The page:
The House has voted 57-11 in favor of SB 1200, the public school budget bill; most of the opponents were Republicans. Now, the House is moving on to SB 1040a, on which there's been an objection on procedural grounds from House Minority Leader John Rusche, D-Lewiston, as the House moved to suspend rules and allow the bill to be considered immediately.
The Senate has passed its final bill, HB 345 regarding year-end transfers, on a unanimous, 34-0 vote, and is now preparing to adjourn for the session.
Rep. Jeff Thompson, R-Idaho Falls, told the House he’s presenting the “going-home bill.” It’s SB 1200, the budget for public schools. The school budget earlier passed the House easily, but it was defeated by one vote in the Senate; the new version followed a different process, but has the same numbers, giving schools a 2.2 percent increase in state general funds next year. It passed the Senate earlier this morning on a 29-5 vote.
Rep. John Gannon, D-Boise, debated against the bill, saying it’s not “a happy going-home bill” for school kids or property taxpayers – because he said the appropriation amount is too low. He noted the growing numbers of school districts around the state seeking, and passing, tax override levies. “The public schools need more money,” Gannon said.
The House is also back in session; it has just two bills left, the public school budget, SB 1200, and SB 1040a, an Idaho School Boards Association bill that lets school districts lower teacher pay from one year to the next.
The Senate is back in session; it has just one bill left, the year-end transfer bill that JFAC approved yesterday and the House already passed earlier this morning. It transfers any surplus beyond $20 million into the budget stabilization fund; it was requested by the governor.
House members are filtering back in to the chamber after their caucus; next up will be SB 1200, the public schools budget. The House has only one other bill left, SB 1040a.
The Senate has passed SB 319 on a unanimous, 34-0 vote. That bill allows school districts coping with limited budgets to shift up to two-thirds of their required school building maintenance match to other purposes, under certain circumstances. That bill also now moves to the Senate. After passing that bill, the Senate went at ease; both parties in the House are still behind closed doors in caucus.
The Senate has voted 29-5 in favor of SB 1200, the new version of the public school budget. There was little debate. “It’s not a perfect budget, but it is a collaborative budget … to do what’s best for our schools, our teachers, and our children,” Senate Finance Chairman Dean Cameron, R-Rupert, told the House.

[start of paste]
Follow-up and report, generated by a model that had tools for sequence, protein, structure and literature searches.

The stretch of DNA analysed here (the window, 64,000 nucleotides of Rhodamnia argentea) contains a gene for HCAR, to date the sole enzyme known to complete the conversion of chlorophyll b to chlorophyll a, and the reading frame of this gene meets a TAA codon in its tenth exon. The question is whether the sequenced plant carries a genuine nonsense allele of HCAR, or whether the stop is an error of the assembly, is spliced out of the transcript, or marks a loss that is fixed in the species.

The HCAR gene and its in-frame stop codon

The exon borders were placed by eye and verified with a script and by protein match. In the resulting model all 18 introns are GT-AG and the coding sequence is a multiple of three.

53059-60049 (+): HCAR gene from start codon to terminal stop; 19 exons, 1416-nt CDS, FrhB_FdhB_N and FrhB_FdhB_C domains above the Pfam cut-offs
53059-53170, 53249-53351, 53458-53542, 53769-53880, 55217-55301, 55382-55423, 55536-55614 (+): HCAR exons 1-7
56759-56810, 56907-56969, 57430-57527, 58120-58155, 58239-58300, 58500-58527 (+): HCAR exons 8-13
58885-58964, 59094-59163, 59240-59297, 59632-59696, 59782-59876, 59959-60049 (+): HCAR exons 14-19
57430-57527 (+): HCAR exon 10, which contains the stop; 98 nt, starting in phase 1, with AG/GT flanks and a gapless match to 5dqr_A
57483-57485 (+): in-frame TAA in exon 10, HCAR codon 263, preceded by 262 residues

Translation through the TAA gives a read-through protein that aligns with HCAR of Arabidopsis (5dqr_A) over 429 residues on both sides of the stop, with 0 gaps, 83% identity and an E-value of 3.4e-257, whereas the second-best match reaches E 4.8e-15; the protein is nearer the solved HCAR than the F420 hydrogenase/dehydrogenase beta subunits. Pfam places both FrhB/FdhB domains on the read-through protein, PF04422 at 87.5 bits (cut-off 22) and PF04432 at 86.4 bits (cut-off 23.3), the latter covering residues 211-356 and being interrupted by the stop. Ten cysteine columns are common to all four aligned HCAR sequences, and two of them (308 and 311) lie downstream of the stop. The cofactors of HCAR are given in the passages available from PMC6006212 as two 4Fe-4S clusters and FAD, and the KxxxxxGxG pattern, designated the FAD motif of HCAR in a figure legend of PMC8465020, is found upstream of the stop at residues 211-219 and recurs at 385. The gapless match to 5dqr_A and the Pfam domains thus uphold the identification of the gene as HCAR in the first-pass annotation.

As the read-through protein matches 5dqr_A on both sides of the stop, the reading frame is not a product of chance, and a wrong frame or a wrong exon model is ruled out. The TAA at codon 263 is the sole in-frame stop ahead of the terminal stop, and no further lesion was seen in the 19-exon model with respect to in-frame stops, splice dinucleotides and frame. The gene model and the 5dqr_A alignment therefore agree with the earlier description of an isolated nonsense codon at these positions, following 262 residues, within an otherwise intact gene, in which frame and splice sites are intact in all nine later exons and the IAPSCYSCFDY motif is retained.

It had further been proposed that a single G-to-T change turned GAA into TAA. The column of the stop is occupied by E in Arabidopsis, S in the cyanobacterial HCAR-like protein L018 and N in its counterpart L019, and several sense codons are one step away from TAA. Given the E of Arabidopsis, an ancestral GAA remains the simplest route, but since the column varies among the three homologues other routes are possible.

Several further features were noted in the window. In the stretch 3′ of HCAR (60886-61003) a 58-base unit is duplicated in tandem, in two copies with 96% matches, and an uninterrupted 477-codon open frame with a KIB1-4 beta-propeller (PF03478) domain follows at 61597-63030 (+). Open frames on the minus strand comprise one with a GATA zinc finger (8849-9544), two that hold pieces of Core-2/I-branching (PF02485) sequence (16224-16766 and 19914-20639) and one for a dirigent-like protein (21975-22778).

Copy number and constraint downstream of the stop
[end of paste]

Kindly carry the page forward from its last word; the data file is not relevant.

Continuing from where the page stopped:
Sen. Bob Nonini, R-Coeur d’Alene, explaining his vote, said, “I’ve voted no on every appropriation bill as my way, I guess, of trying to make my little point of the increased cost of benefits. I believe they’re unsustainable. We’ve kicked that can down the road. … I think our priorities aren’t in order, I think we need to address this in the near future. This senator will be voting no.”
Sen. Jim Patrick, R-Twin Falls, said, “I will be voting aye, however I still have an issue with the discretionary funds, and hopefully in the future we can stop the epidemic of the overrides or the supplementals in our schools by increasing supplemental funds.”
Sen. John Goedde, R-Coeur d’Alene, also explaining his vote, said, “I intend to vote aye on this bill. I think we have problems with one-time money, but that will be the decision of the gentleman on the 2nd floor. I also would like to see more money in discretionary and really addressing the operations expenses that districts have, but that’s a topic for discussion on another day in another year.”
The bill now moves to the House.
House Appropriations Chair Maxine Bell, R-Jerome, told the House that HB 345 would transfer any year-end surplus beyond $20 million to the budget stabilization fund. “This is a year-end surplus eliminator,” Bell said. “It is going to take a lot of faith on our part, because at this point, there is no surplus to eliminate.” The bill passed unanimously, on a 67-0 vote.
The House then recessed for short caucuses for both parties. Meanwhile, the Senate is debating SB 1200, the public schools budget.
Both the House and the Senate are in session this morning for their final day of this year’s legislative session, the 88thday. First up in the Senate is suspension of rules to consider SB 1200, the new version of the public school budget. The House is debating SCR 103, encouraging Idaho colleges and universities to compete to become test sites for drone technology. The House also will soon be suspending its rules to consider SB 1200, Majority Leader Mike Moyle told the House, along with HB 345, on year-end transfers.